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Portrait of a writer

Jai Arjun Singh on the ongoing metamorphosis of authors from solitary types to social media celebrities

Rajesh Vivek (right) in the film Lagaan.<br />
Rajesh Vivek (right) in the film Lagaan.

The actor Rajesh Vivek, who died last month, was probably best known to contemporary audiences as the hirsute seam bowler in Lagaan. Those whose memories stretch back further might remember his short but compelling part as a possessed fakir (ascetic/beggar) in Shyam Benegal’s Junoon three decades ago. Speaking for myself though, another Vivek performance has top recall value. Long before I became a professional writer, his role as the sage-cum-scribe Veda Vyasa in the 1980s TV version of the Mahabharat gave me an early—possibly subconscious—hint that writers can be weird people.

As a youngster watching the show through a fault-finding lens (I had been a Mahabharat buff for years already), it was obvious that much of it conformed to an anodyne, Amar Chitra Katha-like template: Costumes and mukuts (crowns) were just so, even the colours of the main characters’ clothing often matched the comic-book versions. The big difference was when Vyasa showed up. Grimy, dishevelled, smiling wryly, he was very different from the archetype of the rishi (sage) with the snow-white Santa Claus beard. Obviously he was meant to look forbidding in the key scene where the widowed princesses Ambika and Ambalika are frightened by him (during the conceptions of the blind Dhritarashtra and the pale-complexioned Pandu, respectively), but even otherwise there was a touch of the enfant terrible about Vivek. Speaking his lines in a coarse, casual way, he brought an off-kilter quality to the show. Which was appropriate in a way, because Vyasa is a disruptive force—the author who enters his own story and participates in it to keep the narrative moving.

Anyway, it was thus that I learnt that writers didn’t behave like anyone else: They came, whence no one knew, and went as they pleased; living in solitude most of the time, they showed up for grand parties once a year (Rajasuya Yajnas back then; literature festivals today), quaffed a few dozen glasses of wine, slept with some princesses maybe, and then went back shyly to their caves, mountain-tops or barsaatis (rooftop rooms).

With literature-festival season underway, I have been thinking about the ongoing metamorphosis of authors from solitary types to social media celebrities. As I write this, I’m preparing to moderate a session at the Jaipur Literature Festival with the best-selling writers Ravinder Singh, Ravi Subramanian and Anuja Chauhan, all of whom are glamorous, savvy and confident. Looking at them, one doesn’t think of the poets in gutters who have populated our cinematic past: The tragic ones—for whom Guru Dutt’s Vijay in Pyaasa (1957) is the poster boy—as well as the ones who joke about their straits. In Anupama (1966), when Ashok (Dharmendra) tells someone he is a writer, the response is “Lekin aap kaam kya karte hain? (But what work do you do?)" and he takes it in good spirit. And one of my favourite sequences from V. Shantaram’s Navrang (1959) is the song Kaviraja kavita ke mat ab kaan marodo, where at an informal mehfil (gathering) a poet playfully advises his friends that they are better off selling grain or being moneylenders.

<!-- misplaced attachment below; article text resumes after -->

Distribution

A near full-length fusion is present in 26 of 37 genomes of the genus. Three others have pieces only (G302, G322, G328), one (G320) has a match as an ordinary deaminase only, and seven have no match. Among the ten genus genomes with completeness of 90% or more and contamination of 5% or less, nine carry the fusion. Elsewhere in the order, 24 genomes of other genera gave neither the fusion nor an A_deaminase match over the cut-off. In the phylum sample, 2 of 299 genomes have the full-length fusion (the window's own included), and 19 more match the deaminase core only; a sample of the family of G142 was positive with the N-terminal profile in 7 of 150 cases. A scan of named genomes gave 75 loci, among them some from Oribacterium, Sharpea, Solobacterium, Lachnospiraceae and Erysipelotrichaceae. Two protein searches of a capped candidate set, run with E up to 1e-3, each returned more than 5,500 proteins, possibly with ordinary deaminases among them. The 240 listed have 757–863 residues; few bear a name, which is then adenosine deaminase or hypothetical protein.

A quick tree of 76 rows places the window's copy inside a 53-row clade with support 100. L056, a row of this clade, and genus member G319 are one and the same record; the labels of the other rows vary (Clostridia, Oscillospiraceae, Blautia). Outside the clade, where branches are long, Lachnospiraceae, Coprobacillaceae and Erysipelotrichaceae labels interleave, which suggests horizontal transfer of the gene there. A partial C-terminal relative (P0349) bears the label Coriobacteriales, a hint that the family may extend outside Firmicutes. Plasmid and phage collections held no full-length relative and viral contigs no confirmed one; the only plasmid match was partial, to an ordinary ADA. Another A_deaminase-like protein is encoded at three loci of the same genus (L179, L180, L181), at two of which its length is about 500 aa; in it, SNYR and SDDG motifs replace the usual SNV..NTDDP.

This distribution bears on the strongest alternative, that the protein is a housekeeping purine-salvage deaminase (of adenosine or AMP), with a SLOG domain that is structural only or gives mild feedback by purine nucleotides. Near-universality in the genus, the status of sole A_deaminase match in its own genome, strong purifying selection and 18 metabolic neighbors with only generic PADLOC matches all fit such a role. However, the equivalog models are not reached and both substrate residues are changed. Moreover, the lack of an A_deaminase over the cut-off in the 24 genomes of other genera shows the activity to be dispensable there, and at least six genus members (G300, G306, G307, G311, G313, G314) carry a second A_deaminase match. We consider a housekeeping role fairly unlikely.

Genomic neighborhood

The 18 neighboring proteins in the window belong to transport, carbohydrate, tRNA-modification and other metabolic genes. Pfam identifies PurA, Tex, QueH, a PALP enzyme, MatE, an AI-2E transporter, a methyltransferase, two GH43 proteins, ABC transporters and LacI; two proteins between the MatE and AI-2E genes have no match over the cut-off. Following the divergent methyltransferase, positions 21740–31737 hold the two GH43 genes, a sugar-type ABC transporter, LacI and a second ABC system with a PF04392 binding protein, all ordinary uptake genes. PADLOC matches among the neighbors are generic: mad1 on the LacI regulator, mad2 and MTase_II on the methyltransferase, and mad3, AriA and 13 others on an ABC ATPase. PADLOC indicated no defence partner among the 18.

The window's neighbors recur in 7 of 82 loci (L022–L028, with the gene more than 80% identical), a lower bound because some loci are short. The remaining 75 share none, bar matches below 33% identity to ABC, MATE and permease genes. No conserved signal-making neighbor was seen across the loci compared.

In recent years, depictions of writers have been more in keeping with the changing image of the profession, aided by films that are adapted from best-selling novels. Arjun Kapoor, playing a version of Chetan Bhagat in 2 States, is allowed to look studious and thoughtful, but generally gets to do the things that most Hindi movie heroes do: sing, romance, clown about. In Happy Ending, the bickering novelists played by Saif Ali Khan and Ileana D’Cruz are successful and trendy, but listening to their trite conversations one is hard put to imagine that they could have written anything of high quality.

I have mixed feelings about these films. In my view, movies featuring writers as protagonists should have a tinge of horror. Like the ones based on Stephen King stories: Secret Window (the writer is plagued by a stalker who may be his own creation) or Misery (the writer is held captive by a potentially violent fan). And this is why my favourite scene from a film about writers is the apocalyptic climax of the Coen brothers’ Barton Fink, a story about a screenwriter trapped in a plebeian Hell—but also about how a tortured artist can create Hell around him. In that scene, a salesman named Charlie (superbly played by John Goodman) charges down a hotel corridor with rifle in hand as the walls explode in flames around him. “I’ll show you the life of the mind!" he bellows, a reference to an earlier dialogue involving the sort of work writers do, which is meant to be “superior" to that of everyone else.

When things are getting too noisy at a big literary event, I admit to having the sort of dark fantasy where Charlie shows up in that mood, to spice things up a little and send writers scuttling back to their caves.

Above the line is a fortnightly column on Hindi cinema and how it presents the world. Jai Arjun Singh tweets at @jaiarjun.

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